Cosmetic surgery petition calls for legislation to protect the public from cosmetic cowboys

Cosmetic surgery petition calls for legislation to protect the public from cosmetic cowboys

The British Association of Aesthetic Plastic Surgeons (BAAPS) petition calls for an end to harm caused by unregulated and unregistered cosmetic surgery providers.

The Baaps are campaigning that cosmetic surgery should only be performed by surgeons on the GMC Specialist Register in a relevant area e.g., plastic surgery.That’s the call being made by The British Association of Aesthetic Plastic Surgeons (The BAAPS) – the UK’s only organisation solely dedicated to advancing safety, innovation and excellence in cosmetic surgery– as it launches a petition to raise surgical safety standards in the UK.

Currently, there is a lack of legislation that determines who can and cannot perform cosmetic surgery in the UK. The British Association of Aesthetic Plastic Surgeons (The BAAPS) feels strongly that this should be addressed with the aim of improving safety and outcomes for the public.  Nearly a decade after the Keogh review shone a light on substandard practises and highlighted the plight of the 39,000 women who suffered during the PIP crisis, there is still no legislation to define who can perform cosmetic surgery in the UK.

BAAPS is rallying behind the call that appropriately trained surgeons should appear on the General Medical Council’s (GMC) Specialist Register,giving patients a “triple whammy” of protection. It’s one simple requirement that addresses the top three reasons why patients highlighted in the Keogh review, suffered unnecessarily when undergoing cosmetic surgery.

  1. Legislation to check the GMC Specialist Register, in a relevant area e.g., plastic surgerywill clarify the distinction between surgeons who are fully trained to a consultant level.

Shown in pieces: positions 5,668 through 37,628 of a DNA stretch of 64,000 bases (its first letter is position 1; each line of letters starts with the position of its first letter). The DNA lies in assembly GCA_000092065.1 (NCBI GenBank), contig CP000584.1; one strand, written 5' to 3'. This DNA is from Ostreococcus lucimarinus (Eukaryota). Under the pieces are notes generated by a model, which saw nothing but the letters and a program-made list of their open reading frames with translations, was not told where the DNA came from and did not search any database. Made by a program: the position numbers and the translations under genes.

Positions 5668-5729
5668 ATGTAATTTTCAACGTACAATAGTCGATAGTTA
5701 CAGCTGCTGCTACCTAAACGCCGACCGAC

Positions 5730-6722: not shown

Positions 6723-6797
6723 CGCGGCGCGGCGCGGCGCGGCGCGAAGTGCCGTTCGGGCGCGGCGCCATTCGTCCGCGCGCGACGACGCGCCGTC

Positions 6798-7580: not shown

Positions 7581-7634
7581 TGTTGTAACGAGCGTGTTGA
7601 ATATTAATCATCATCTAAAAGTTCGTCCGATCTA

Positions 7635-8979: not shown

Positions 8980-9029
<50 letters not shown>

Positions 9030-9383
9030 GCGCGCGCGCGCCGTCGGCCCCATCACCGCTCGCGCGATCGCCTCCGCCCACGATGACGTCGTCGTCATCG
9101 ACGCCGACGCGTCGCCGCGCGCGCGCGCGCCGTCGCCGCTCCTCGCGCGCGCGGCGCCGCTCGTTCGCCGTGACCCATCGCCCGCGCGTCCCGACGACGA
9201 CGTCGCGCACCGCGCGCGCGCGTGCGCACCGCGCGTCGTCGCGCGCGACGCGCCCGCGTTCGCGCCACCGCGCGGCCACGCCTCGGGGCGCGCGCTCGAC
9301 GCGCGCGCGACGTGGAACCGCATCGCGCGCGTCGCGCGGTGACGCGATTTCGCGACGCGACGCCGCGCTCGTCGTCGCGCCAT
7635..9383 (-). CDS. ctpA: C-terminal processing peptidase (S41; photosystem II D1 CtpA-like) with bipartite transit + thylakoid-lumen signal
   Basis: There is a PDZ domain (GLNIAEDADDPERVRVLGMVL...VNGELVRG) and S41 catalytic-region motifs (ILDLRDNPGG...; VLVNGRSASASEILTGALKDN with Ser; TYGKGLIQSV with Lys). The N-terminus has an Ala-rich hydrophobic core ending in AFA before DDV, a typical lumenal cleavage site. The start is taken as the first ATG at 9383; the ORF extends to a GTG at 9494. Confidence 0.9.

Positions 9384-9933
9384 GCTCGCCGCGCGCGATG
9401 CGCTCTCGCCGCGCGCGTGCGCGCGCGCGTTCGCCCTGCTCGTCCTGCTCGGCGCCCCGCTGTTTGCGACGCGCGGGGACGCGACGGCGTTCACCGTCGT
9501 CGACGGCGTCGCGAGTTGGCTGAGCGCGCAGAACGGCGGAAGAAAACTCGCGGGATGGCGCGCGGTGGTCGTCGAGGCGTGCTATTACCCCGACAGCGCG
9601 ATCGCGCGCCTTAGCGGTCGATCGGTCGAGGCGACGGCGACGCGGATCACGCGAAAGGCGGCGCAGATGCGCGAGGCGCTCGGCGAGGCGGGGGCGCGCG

2. It will ensure that surgeons performing the operation will have access to adequate medical insurance which is NOT available to practitioners who are not on the GMC Specialist Register.
  3. The GMC Specialist Register,allows surgeons access to work in premises that are equipped to not only perform the procedure, but to treat serious complications should they occur.

The death of Denise Hendry, the wife of former Scotland football captain Colin Hendry following cosmetic surgery in 2009, was a high-profile case that highlighted the dangers of cosmetic surgery. Her surgeon was not on the GMC Specialist Register, did not have adequate insurance and was not equipped to deal with the complications that required emergency transfer to the NHS and multiple operations to correct the problems from which she later died. How many more people need to suffer?

BAAPS Vice President Marc Pacifico said, “Legislation that will clarify the distinction between providers to safeguard the public from serious complications at the hands of untrained and unregulated practitioners, is long overdue. Legislation to ensure a surgeon is on the GMC Specialist Register, will transform patient safety in the UK. Currently there is more legislation to protect your dog while having surgery, than to protect a patient undergoing a cosmetic operation.”

BAAPS council member Nora Nugent added, “It’s a fact that practitioners can bamboozle the public by saying they are either “fully registered” with the GMC or “board certified”, a qualification that does not even exist in the UK. Neither of these statements is equivalent to the surgeon being on the GMC Specialist Register in a relevant area like plastic surgery. Infact, if a practitioner does not explicitly say they are, it probably means they are not, which is why it’s so important for legislation to make the distinction crystal clear.”

BAAPS president Mary O’Brien said, “There is a need to stop non-surgeons carrying out cosmetic surgery, which this petition should help achieve. The general public and Government need a clear distinction between who is allowed to perform this type of surgery and who is not. Legislation would mean Surgeons from abroad could not fly in to the UK, perform a cosmetic surgery operation on a patient and then fly out.”

“If successful, this will stop beauticians and untrained doctors from performing surgical procedures and causing patients harm.”

“It is the start of a long journey, but this initial step would considerably improve the current position in the UK.

“If we get the signatures and legislation, this could make the biggest difference to patient safety in cosmetic surgery ever seen in the UK.”

To sign the petition and support BAAPS, visit:

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